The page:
Time Needed: Undetermined, Difficulty: Beginner, Cost: Free-$100
The dashboard light always wins the staring contest. No matter how hard you sit there and wish it would go away, it never blinks. Dashboard lights are so clearly evil that even the ones that are supposed to turn off upon driver input, like the parking brake light, occasionally decide to stay on. And unlike error codes, this stuck light cannot be reset with an OBD2 scanner.
In a normally functioning vehicle, engaging the parking brake turns a parking brake light on. It illuminates your cluster to inform you that it’s on and working. Then, when you disengage the parking brake, the parking brake line is supposed to turn off. So when you disengage the parking brake, and the light stays on, you know there’s an issue somewhere in your vehicle.
To better understand the process of diagnosing a stuck-on parking brake light, we’ve assembled a quick guide of suggestions for how to proceed. Get the safety glasses and mechanic gloves ready, and let’s dive in.
1. Double Check the Area Around the Hand and Foot Levers
Guess what happens when you lift up your hand lever? It creates a small black hole where all sorts of car interior debris can land. Pens, iPhone cords, receipts, straw wrappers, and whatever else gets thrown around inside your car might have snuck its way in there and could now be blocking the handle from going down all the way. It’s not exactly the same for foot levers, but you get the idea.
2. Top Off the Brake Fluid
Make sure the brake fluid is above the minimum (MIN) line on the brake fluid container on the master cylinder. Brake master cylinders often have sensors built into the body or cap, and if the fluid goes below a certain point, the sensor should recognize this and throw the light.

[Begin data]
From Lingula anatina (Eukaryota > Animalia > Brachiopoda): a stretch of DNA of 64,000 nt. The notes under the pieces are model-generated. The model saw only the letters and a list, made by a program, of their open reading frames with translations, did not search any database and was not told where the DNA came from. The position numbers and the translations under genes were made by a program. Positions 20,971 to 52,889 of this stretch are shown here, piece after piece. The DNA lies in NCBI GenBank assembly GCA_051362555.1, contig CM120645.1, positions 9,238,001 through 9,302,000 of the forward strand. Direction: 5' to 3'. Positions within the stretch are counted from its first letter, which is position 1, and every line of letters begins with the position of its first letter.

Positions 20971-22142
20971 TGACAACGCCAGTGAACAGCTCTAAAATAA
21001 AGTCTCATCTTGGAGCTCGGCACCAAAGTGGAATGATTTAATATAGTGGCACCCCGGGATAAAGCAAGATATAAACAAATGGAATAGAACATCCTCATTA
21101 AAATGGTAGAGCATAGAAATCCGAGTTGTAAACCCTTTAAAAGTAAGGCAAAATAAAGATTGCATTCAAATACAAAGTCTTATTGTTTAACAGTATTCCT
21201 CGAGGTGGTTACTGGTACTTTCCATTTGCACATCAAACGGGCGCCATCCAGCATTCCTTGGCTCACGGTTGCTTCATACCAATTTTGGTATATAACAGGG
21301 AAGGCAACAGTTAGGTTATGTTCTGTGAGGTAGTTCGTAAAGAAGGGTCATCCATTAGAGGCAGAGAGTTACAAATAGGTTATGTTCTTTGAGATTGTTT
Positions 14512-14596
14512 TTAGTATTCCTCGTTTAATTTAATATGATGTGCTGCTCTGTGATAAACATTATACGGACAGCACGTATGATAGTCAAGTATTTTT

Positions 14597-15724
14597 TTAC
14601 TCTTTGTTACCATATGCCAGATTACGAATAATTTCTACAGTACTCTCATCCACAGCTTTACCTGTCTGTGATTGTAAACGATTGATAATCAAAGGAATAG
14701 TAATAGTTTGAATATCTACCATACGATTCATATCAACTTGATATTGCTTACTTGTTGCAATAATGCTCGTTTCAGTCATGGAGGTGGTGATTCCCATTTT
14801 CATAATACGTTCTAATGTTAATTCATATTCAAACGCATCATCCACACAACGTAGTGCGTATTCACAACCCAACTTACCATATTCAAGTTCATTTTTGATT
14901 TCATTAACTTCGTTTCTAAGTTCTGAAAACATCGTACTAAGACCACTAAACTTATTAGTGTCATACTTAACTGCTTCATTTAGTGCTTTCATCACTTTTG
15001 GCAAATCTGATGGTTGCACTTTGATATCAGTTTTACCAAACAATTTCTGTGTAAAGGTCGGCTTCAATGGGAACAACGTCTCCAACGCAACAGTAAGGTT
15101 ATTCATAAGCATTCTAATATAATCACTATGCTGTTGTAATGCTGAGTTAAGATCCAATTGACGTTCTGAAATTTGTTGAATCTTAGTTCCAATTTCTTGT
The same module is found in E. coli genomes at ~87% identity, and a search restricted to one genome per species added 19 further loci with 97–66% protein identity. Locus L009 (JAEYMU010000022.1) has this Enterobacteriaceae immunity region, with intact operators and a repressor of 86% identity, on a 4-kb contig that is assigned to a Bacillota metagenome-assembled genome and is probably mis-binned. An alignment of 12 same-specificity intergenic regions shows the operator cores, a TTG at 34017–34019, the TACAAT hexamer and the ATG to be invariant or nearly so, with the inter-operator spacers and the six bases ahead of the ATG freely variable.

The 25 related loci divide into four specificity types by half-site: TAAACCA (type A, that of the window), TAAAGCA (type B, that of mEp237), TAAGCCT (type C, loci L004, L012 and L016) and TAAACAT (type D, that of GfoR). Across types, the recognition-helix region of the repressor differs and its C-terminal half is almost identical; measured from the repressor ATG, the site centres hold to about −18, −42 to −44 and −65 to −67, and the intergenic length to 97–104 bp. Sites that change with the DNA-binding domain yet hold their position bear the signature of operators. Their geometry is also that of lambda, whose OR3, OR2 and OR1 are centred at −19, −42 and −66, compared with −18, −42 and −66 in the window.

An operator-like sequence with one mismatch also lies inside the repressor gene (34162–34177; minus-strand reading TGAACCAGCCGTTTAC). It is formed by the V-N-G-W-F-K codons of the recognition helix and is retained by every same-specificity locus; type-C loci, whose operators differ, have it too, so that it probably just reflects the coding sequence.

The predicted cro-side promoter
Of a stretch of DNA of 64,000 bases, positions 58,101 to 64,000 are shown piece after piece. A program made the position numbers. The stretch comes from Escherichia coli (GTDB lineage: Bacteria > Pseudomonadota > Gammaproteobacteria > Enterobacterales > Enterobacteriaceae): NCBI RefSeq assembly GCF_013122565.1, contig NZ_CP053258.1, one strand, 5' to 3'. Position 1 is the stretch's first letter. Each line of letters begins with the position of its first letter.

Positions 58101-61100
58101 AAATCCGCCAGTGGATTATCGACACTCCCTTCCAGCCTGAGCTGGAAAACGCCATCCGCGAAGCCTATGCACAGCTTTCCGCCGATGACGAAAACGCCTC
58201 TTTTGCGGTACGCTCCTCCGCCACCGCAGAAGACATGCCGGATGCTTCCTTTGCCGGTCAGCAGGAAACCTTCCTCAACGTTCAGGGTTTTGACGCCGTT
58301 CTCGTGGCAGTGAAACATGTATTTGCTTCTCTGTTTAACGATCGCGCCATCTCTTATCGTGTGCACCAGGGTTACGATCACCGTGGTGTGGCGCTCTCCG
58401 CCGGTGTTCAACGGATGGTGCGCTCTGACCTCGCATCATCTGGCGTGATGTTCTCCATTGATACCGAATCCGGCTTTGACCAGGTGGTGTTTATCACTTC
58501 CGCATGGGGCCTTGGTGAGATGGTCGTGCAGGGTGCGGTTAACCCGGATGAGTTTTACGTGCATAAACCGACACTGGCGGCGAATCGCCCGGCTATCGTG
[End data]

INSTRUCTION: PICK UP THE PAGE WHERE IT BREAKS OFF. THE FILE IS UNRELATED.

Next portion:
3. Check the Brake Master Cylinder Sensors and Connections
If you go to check the brake fluid, and it’s already in the correct position, check out the sensor we just spoke up. Take it off, plug it back in, clean where necessary, and inspect the wires for any damage or interference.
4. Inspect the Parking Brake Switch and Connections
Regardless of whether you have a foot brake or a lever brake, you likely have a switch that works with the pedal or lever to send a signal when it’s engaged. If the contacts or connections on these switches no longer align perfectly, have been damaged, or are blocked, the light might stay on. So, you might have to tear apart your footwell or center console to find the switch and make sure it’s in good shape.
5. Check The Actual Springs and Linkages
Mechanical parking brakes operate using levers, pedals, cables, springs, and linkages. Check them to make sure the parking brake is operating correctly.
The Car Bibles Questionnaire
Your questions, our answers about your parking brake light.
Q: How Do You Activate The Parking Brake?
A: With a paddle switch, a lever handle, or a foot pedal.
Q: How Do I Turn My Parking Brake Off?
A: With a lever handle, you press the button and lower the handle. With a foot pedal, you press the pedal until it unlocks and releases. With a paddle switch, you will need to press up or down, depending on the design.
Q: What Happens If You Drive With Your Parking Brake On?
A: You will wear down your brakes quickly, you will lose performance while driving, and you will cause a safety issue by driving with your parking brake on at all times.
The Parking Brake Light Video Tutorial
The Tools To Buy For Diagnosing a Parking Brake Light
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